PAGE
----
3.  Collaborate with local business owners and managers and the local Chamber of Commerce: When looking to establish partnerships with local businesses within your community, it is critical to set up appointments to meet with business owners and managers to discuss your program and how it will benefit their business. Businesses can participate in collaborative partnerships with schools in many ways, and it is crucial to identify the ways that are the best fit for each company. The Chamber of Commerce can provide information regarding your program to its members and facilitate the development of partnerships between local businesses and the high school.
  4.  Promote your Program: For many, program promotion can be the most challenging part of this process. There are countless ways that you can promote your program. Contact your local media. Talk about your program wherever you go, especially in well-respected businesses. Create a brochure explaining your program's benefits and providing contact information to distribute. Most importantly, get the word out into your community and highlight the program's successes and advantages for both students and employers.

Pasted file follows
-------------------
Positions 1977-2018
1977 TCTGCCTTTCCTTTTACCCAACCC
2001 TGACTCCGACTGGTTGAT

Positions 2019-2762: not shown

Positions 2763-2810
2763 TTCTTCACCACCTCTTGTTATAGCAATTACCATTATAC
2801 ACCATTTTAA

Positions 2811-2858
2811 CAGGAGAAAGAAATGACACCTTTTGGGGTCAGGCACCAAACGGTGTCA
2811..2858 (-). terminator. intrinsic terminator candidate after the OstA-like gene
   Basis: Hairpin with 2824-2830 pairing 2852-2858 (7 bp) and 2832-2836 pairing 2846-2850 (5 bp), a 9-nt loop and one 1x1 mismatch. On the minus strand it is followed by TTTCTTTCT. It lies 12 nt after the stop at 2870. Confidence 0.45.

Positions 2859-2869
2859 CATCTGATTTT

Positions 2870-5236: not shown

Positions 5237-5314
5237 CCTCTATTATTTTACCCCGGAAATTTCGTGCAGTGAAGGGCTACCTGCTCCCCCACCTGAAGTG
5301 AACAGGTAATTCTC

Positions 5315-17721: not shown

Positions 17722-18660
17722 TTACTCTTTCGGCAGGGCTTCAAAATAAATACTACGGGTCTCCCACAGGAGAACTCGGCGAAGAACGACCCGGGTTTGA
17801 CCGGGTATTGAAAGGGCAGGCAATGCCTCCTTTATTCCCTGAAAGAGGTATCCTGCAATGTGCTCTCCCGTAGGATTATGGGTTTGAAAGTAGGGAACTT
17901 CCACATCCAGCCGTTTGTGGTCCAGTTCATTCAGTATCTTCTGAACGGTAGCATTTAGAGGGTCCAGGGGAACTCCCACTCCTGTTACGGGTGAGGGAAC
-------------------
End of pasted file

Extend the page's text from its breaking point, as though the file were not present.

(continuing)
Conclusion

Rural areas offer unique challenges and opportunities for schools wanting to implement community partnerships. By identifying their particular community’s opportunities and challenges and by designing programming that will fit their students’ specific needs, schools can create meaningful and long-lasting partnerships with businesses within their communities. Partnership development will benefit students and the community.

 

References

Alleman, N. F., & Holly, N. L. (2018). Multiple points of contact: Promoting rural postsecondary preparation through school-community partnerships. The Rural Educator, 34(2). https://doi.org/10.35608/ruraled.v34i2.398